Tiny submucosal hemorrhages otherwise known as “glomerulations” have long been considered a diagnostic marker for PBS/IC even though it was recognized long ago that glomerulations were not unique to patients with PBS/IC. Nevertheless, this association continued to be perpetuated, and many patients who demonstrated glomerulations on hydrodistention were wrongly labelled with PBS/IC. Further, in past research studies, the use of glomerulations as an inclusion criterion lead to recruitment of large, heterogeneous populations including numerous individuals unlikely to have PBS/IC. This was the motivation for BPS/IC expert Philip Hanno and colleagues to critically examine the literature to determine if there was any justification for the use of glomerulations as a diagnostic marker for PBS/IC.
Only 29 relevant publications were identified in the literature review. These papers were divided into 4 categories according to subject matter: glomerulations in patients with a diagnosis of PBS/IC; prevalence in patients without a diagnosis of PBS/IC; relationship of glomerulations to symptoms, especially bladder capacity; and a single paper addressing consistency of glomerulations in patients over time. Not only were contradictory data found, but glomerulations clearly had poor sensitivity and specificity for establishing the presence or absence of PBS/IC. Further, the authors were unable to identify any correlations between glomerulations and any clinical manifestation of PBS/IC.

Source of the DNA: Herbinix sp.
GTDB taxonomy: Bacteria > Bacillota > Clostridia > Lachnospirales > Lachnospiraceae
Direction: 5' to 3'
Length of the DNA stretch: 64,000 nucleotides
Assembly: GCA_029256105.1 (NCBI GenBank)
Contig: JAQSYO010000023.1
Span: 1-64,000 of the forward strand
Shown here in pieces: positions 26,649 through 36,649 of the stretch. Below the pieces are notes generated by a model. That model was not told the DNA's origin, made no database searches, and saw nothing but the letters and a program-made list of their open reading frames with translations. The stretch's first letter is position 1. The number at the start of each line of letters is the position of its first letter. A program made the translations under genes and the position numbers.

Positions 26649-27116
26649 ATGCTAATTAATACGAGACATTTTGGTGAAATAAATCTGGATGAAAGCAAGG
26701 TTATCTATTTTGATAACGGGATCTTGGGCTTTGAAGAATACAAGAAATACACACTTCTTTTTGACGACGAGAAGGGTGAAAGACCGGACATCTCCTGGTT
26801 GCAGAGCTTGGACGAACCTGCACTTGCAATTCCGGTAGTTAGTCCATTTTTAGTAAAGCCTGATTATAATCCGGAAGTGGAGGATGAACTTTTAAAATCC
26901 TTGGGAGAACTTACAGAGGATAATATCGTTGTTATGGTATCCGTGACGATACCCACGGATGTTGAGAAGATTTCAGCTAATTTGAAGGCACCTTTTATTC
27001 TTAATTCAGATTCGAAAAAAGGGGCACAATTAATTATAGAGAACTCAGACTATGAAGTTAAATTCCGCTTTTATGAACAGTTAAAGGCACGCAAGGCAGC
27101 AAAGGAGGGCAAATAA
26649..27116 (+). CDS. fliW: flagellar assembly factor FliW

Article by the Publications and Communications Committee
Wennevik GE, Meijlink JM, Hanno P, Nordling J. The role of glomerulations in bladder pain syndrome: a review. J Urol 195:19-25, 2016